The FCC's repack of close to 1,000 TV stations drew to a close, sort of (see story here), Monday (July 13), but on a note very different from when the FCC first started working on the broadcast incentive auction following a congressional mandate to do so back in 2012.
At that time, broadcasters feared the FCC was pushing them to the dustbin of history in favor of wireless carriers, and with some reason. At least one high-ranking FCC official had suggested privately that if broadcasters didn't give up enough spectrum the FCC could simply reclaim the licenses for a higher, better use--wireless broadband.
But Monday, the July 13 deadline for the reclaimed spectrum to be in the hands of wireless operators, it was something of a mutual admiration society, with broadcasters looking at new life through the ATSC 3.0 transmission standard and praising the FCC for how it handled the repack and the cooperation of carriers in freeing up the spectrum. That was fully on display at an American Consumer Institute webinar on lessons learned and achievements recorded during the 39-month repack.
In introductory remarks, FCC Chairman Ajit Pai called the repack a "remarkable success story" and praised the cooperation among wireless carriers--particularly T-Mobile, which paid broadcasters to move off spectrum early; broadcasters, who he said remain vital communications outlets, equipment suppliers and tower crews and the FCC staffers working to make the auction and repack a success.
All those pitched in on an effort he said was hardly a flip of the switch, a click of the mouse, or the stroke of a pen, citing labor shortages, tight deadlines and a pandemic for bad measure.
"Multiple surveys have shown that local broadcasters are the most trusted source for news about the coronavirus pandemic," said Pai. "The successful repack, plus the fact that only 41 broadcast stations nationwide sold their spectrum assets and went off the air after the incentive auction, means that local TV stations have been there for their communities when their communities have needed them most."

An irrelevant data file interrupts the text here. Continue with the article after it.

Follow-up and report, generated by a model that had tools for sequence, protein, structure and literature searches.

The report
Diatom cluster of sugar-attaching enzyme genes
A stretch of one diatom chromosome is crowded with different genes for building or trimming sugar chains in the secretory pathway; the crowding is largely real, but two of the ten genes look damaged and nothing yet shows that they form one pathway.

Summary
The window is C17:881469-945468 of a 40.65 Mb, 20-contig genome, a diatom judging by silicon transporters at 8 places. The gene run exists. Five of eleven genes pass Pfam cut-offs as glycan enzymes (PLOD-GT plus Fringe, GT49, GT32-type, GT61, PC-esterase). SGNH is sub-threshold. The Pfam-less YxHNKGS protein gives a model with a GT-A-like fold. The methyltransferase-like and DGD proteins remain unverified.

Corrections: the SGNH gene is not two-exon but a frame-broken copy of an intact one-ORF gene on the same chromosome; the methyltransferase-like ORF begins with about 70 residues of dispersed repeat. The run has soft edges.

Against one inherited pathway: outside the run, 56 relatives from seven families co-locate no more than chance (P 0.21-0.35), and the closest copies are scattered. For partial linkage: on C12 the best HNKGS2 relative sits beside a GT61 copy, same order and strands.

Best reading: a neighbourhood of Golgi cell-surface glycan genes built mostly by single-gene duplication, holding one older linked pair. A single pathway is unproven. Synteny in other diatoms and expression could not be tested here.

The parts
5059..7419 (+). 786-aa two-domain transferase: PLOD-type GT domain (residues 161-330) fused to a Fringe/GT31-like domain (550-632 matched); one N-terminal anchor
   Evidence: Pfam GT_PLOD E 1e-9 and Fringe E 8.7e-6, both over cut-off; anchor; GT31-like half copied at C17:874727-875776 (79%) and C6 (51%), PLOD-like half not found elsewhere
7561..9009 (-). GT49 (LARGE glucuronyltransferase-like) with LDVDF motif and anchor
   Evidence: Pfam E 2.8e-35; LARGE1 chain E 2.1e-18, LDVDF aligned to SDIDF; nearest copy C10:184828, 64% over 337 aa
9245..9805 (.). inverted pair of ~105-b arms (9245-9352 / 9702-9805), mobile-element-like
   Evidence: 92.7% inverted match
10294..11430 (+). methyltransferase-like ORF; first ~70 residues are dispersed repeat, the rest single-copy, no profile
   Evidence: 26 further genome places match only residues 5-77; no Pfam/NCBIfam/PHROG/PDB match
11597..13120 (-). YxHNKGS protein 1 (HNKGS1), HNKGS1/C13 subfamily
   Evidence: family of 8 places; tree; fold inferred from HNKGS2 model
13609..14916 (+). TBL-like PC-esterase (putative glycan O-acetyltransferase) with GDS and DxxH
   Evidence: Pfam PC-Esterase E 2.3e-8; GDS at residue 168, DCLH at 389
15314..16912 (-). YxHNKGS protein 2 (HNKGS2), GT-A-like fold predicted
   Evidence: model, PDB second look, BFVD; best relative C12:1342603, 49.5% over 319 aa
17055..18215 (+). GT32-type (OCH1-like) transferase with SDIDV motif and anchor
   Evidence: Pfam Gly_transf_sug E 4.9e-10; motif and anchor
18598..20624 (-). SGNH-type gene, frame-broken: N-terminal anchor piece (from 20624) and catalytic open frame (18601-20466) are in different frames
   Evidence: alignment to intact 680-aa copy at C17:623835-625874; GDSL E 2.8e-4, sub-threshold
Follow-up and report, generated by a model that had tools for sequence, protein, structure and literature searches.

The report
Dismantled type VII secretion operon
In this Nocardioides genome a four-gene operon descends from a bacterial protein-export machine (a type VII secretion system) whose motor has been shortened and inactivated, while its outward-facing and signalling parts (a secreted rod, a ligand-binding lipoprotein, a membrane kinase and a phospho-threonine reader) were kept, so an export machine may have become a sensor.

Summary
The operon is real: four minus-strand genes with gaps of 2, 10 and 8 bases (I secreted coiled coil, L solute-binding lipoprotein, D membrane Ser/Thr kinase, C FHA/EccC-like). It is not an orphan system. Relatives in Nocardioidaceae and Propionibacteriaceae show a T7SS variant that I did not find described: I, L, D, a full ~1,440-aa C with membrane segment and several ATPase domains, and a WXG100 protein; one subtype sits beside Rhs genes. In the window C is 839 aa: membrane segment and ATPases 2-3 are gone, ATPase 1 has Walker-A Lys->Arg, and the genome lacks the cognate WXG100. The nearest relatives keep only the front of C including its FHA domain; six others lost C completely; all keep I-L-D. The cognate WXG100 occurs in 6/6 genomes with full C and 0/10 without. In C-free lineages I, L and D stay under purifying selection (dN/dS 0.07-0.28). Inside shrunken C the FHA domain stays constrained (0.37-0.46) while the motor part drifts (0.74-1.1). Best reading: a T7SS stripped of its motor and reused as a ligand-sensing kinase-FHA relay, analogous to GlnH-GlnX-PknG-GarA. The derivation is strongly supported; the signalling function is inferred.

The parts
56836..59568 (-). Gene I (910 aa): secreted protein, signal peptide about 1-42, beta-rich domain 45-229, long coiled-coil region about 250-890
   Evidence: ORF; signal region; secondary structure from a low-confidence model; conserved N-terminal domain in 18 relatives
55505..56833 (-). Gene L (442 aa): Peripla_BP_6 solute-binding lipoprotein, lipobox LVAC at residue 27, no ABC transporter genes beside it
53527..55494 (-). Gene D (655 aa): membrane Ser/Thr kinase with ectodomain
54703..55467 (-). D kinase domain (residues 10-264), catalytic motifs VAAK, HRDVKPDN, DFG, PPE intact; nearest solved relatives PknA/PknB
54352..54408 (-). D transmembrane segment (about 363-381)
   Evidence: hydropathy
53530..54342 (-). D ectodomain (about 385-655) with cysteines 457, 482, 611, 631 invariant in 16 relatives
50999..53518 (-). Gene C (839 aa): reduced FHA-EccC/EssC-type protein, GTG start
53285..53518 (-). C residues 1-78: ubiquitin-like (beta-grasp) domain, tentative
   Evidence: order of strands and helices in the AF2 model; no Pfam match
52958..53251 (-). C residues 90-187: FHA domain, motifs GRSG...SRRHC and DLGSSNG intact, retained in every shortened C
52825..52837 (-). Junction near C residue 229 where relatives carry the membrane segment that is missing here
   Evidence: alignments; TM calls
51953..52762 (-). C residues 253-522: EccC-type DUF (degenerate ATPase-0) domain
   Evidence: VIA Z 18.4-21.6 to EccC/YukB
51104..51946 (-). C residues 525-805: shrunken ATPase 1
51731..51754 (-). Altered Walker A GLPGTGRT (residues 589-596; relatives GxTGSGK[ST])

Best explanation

While over four times as many stations (175) sold their spectrum in the auction, all but those 41 struck deals to keep their signals on the air by sharing spectrum with another station.
Pai singled out Incentive Auction Task Force head Gary Esptein and current task force Chair Jean Kiddoo and Deputy Chair Hillary DeNigro for their "deep commitment" to public service.
Pai had a special shout out for tower crews. Pointing out that he had climbed a 131-foot tower, he called that height "a rounding error for some of the tall broadcast towers that you climbed." He said that no group has done more on the ground and in air to make the auction and repack a success.
He thanked the carriers for investing billions in the spectrum, and members of Congress who gave the FCC the authority to conduct the auction. One of those key players, retiring former House Energy & Commerce Committee Chairman Greg Walden (R-Ore.), introduced Pai's remote address to the webinar audience, said there had been no more aggressive leader on making spectrum available for the buildout of broadband and winning the race to 5G than Pai.
Despite predictions that the auction and repack would be a disaster and the end of free-over-the-air broadcasting, viewers did not lose much programming--those 41 stations that went off the air, said Kiddoo. She called it a "win win win win" scenario, with broadcasters getting capital to invest, the public getting more wireless, only 41 stations going off the air, and over $7 billion going to deficit reduction from the auction.
National Association of Broadcasters executive VP Rick Kaplan said they were lucky to have the right person in the job at the right time, referring to Pai. He said the FCC's bureaus had contributed to a great job on an incredibly difficult process for broadcasters. He also had glowing things to say about T-Mobile for stepping up to work with broadcasters and move quickly to start using the spectrum, which the FCC has said needed to be freed up ASAP. He praised the tower workers for an unheralded job taking big risks as safely as possible to get that job done, though he added that job was not yet done.
That end of the repack for broadcasters is when they are fully transitioned, including the stations currently on temporary channels and those who needed extra time due to extenuating circumstances--weather, supply chain, pandemic.
Contributing editor John Eggerton has been an editor and/or writer on media regulation, legislation and policy for over four decades, including covering the FCC, FTC, Congress, the major media trade associations, and the federal courts. In addition to Multichannel News and Broadcasting + Cable, his work has appeared in Radio World, TV Technology, TV Fax, This Week in Consumer Electronics, Variety and the Encyclopedia Britannica.
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